During the month of March, we honor Women’s History Month and celebrate the innumerable ways generations of women have contributed to the environmental movement. Today, we recognize the contributions of Rachel Carson, Jane Goodall, and Greta Thunberg.
Rachel Carson: Born in Springdale, Pennsylvania, in 1907, Rachel Carson exemplified a love for nature from a young age. She received her education at Chatham College and Johns Hopkins University. The native Pennsylvanian wrote several best-selling books, most notably “Silent Spring,” which explored the effects of chemical pesticides on the environment and people. It detailed the government’s abuse of new chemical pesticides such as DDT and “pest” control programs. Carson is credited for alerting the American public to the dangers of agricultural pesticides.
Jane Goodall: Growing up during World War II, British scientist Jane Goodall fantasized about studying wild animals. Society largely discouraged her hopes of pursuing the sciences as a female; however, her mother, Vanne, always championed her dreams. In 1957, Goodall made her first trip to Africa, where she began studying the social habitats of chimpanzees. Today, Goodall is one of the world’s most celebrated naturalists. Aside from wildlife research, she has advocated for sustainable practices and pushed for education and anti-poverty programs for women and girls.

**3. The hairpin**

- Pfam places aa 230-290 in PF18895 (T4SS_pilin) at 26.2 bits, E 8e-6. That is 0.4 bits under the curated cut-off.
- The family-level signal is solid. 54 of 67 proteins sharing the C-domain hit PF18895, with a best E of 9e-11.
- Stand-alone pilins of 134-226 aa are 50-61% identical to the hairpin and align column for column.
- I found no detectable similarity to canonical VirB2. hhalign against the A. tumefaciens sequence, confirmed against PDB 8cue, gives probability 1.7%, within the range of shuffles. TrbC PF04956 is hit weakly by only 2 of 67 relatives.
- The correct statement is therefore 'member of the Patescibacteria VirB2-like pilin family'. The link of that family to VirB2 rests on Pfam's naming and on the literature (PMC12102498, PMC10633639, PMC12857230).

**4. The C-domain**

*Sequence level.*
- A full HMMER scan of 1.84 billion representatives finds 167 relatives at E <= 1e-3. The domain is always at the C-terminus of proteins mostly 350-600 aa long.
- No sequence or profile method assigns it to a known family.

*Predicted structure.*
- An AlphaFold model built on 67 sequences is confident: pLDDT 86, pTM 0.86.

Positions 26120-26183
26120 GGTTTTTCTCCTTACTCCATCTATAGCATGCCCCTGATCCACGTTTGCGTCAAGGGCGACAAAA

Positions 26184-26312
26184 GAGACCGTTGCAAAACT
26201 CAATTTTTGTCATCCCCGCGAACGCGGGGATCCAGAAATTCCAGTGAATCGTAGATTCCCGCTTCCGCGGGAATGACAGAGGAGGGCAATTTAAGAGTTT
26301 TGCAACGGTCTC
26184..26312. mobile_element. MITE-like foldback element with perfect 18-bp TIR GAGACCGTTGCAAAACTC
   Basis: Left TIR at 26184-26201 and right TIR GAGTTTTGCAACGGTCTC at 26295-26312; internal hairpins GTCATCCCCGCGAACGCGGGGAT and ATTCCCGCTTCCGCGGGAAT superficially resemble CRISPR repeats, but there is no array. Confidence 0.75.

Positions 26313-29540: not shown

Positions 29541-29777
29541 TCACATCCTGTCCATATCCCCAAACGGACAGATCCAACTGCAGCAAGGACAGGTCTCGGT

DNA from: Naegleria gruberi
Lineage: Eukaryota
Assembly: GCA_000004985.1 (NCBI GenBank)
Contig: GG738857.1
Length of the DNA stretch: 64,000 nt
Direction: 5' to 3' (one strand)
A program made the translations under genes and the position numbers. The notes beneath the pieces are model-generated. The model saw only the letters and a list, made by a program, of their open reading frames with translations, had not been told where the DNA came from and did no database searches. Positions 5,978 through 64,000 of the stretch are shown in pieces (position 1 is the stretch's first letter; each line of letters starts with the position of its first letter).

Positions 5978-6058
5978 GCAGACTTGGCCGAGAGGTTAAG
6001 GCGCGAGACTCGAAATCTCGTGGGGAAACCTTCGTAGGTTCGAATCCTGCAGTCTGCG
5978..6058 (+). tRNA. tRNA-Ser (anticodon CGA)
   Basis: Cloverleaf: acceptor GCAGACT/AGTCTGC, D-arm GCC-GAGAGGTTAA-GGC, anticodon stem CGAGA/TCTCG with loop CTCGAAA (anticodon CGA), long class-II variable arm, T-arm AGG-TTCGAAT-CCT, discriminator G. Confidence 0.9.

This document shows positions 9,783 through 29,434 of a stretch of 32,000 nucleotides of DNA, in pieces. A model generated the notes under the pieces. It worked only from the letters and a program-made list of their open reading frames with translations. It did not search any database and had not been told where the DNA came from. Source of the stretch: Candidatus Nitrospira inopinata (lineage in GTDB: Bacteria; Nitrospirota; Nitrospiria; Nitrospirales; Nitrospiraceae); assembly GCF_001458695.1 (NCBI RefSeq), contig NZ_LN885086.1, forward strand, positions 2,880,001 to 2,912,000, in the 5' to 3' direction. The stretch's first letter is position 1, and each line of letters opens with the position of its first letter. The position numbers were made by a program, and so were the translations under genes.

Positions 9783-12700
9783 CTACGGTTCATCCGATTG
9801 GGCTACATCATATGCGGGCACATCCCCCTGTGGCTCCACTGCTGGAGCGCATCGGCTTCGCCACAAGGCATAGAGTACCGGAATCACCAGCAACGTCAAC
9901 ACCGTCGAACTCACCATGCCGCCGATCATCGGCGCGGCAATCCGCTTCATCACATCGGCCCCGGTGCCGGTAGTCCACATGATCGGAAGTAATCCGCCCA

Greta Thunberg: Twenty-year-old environmental activist, Greta Thunberg, hails from Stockholm, Sweden. Thunberg is well-known for challenging world leaders to take action against climate change. At age fifteen, she began protesting outside the Swedish Parliament and founded the “School Strike for Climate.” Since then, she has given speeches at the World Economic Forum, before the European Parliament, and at the 2019 United Nations Climate Action Summit. Greta continues to advocate for systemic change and recently published a book, “The Climate Boom,” detailing the various crises we face and the knowledge we need to combat a climate disaster.